Aziraphale is an angel and Crowley is a demon and both have been living on Earth for thousands of years and they have grown to like it. They even like each other. Sort of. So, they are distressed to learn that the antichrist has been born, signaling the impending end of the world.
Anathema Device is the descendent of Agnes Nutter - a 17th century soothsayer whose predictions have all come to pass. Agnes has predicted the coming Armageddon.
Newton Pulsifer and Sergeant Shadwell are incompetent witch hunters, who only know that something strange is going on, so they chase it across England, trying to avoid bad people and any monetary expenditures.
The Chattering Order of St. Beryl are a group of bumbling Satanists charged with swapping the newborn antichrist, so he is raised by a powerful political family. They accidentally place him with the wrong family, so he grows up in a small Oxfordshire village raised by middle class parents.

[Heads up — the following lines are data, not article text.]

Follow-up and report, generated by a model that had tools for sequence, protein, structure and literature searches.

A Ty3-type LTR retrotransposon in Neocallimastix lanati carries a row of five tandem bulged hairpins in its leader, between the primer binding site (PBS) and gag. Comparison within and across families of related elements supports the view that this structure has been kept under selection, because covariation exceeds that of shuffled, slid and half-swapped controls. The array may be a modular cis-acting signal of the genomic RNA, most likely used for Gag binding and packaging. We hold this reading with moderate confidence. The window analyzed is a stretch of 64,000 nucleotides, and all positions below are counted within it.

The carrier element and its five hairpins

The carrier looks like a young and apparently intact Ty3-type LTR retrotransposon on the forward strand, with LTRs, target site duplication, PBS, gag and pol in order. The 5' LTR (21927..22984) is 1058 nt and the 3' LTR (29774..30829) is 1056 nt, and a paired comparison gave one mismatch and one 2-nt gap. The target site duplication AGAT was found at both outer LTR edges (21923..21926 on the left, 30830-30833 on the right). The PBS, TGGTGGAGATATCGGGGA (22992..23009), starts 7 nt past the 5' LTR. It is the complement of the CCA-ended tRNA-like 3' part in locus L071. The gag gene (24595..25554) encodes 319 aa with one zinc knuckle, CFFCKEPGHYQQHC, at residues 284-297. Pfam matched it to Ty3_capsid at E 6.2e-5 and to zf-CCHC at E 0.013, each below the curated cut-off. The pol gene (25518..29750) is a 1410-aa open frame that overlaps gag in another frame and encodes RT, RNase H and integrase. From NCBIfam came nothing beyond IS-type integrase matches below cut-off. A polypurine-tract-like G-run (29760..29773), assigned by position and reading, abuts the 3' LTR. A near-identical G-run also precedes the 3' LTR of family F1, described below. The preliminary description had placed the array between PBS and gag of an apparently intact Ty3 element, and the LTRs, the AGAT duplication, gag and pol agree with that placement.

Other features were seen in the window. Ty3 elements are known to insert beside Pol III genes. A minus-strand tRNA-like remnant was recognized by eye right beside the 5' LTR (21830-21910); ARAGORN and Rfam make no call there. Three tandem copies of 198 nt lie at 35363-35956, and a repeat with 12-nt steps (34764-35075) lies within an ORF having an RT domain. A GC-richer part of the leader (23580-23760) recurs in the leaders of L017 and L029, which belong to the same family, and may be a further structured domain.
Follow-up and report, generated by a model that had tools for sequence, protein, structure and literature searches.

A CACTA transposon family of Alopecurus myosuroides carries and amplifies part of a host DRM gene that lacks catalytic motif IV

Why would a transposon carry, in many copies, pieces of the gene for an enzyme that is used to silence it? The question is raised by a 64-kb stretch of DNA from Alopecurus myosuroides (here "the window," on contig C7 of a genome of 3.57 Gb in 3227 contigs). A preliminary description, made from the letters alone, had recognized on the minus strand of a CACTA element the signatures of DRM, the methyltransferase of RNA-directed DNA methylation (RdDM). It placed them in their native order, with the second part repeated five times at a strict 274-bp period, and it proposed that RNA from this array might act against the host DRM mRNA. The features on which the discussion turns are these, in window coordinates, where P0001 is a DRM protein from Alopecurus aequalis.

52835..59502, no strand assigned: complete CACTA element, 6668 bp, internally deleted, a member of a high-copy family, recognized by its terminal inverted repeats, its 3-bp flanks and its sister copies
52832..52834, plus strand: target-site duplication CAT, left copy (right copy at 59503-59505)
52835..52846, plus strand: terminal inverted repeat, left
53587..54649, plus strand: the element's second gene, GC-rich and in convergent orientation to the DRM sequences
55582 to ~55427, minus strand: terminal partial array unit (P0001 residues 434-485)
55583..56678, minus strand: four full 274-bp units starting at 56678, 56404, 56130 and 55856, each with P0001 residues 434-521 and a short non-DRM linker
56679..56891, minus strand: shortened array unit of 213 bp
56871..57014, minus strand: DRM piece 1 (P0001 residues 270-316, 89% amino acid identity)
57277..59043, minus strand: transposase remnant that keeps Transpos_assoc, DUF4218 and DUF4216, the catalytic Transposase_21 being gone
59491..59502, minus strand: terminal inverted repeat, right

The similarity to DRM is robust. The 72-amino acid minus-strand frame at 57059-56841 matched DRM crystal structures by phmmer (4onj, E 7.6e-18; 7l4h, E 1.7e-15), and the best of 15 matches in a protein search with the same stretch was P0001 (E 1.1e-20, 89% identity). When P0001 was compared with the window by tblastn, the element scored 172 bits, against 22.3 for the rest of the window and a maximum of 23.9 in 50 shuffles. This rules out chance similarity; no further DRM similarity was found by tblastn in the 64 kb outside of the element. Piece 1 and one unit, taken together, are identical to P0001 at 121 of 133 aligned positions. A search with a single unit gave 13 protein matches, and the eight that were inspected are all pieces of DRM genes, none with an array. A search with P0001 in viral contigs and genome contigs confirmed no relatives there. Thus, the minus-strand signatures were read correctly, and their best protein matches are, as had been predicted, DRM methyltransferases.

Years later, the Four Horsepersons of the Apocalypse are racing toward the 11-year-old antichrist, planning to finalize his rise to power. Horseman Pestilence retired after the discovery of penicillin, so he has been replaced by Pollution.
And then it gets weird.
These are some of the elements of Good Omens by Terry Pratchett and Neil Gaiman - two of my favourite authors.
It's hard to tell which parts are Gaiman and which are Pratchett. Gaiman is better at inventing worlds and making them seem believable. Pratchett is better at laugh-out-loud humour. And there is plenty of both in this story.
Good Omens is a tale about the worth of humanity and about the relative power of nature versus nurture. But mostly it is about silliness and funny jokes. If you love Gaiman and you love Pratchett (and who doesn't?), you will enjoy this book.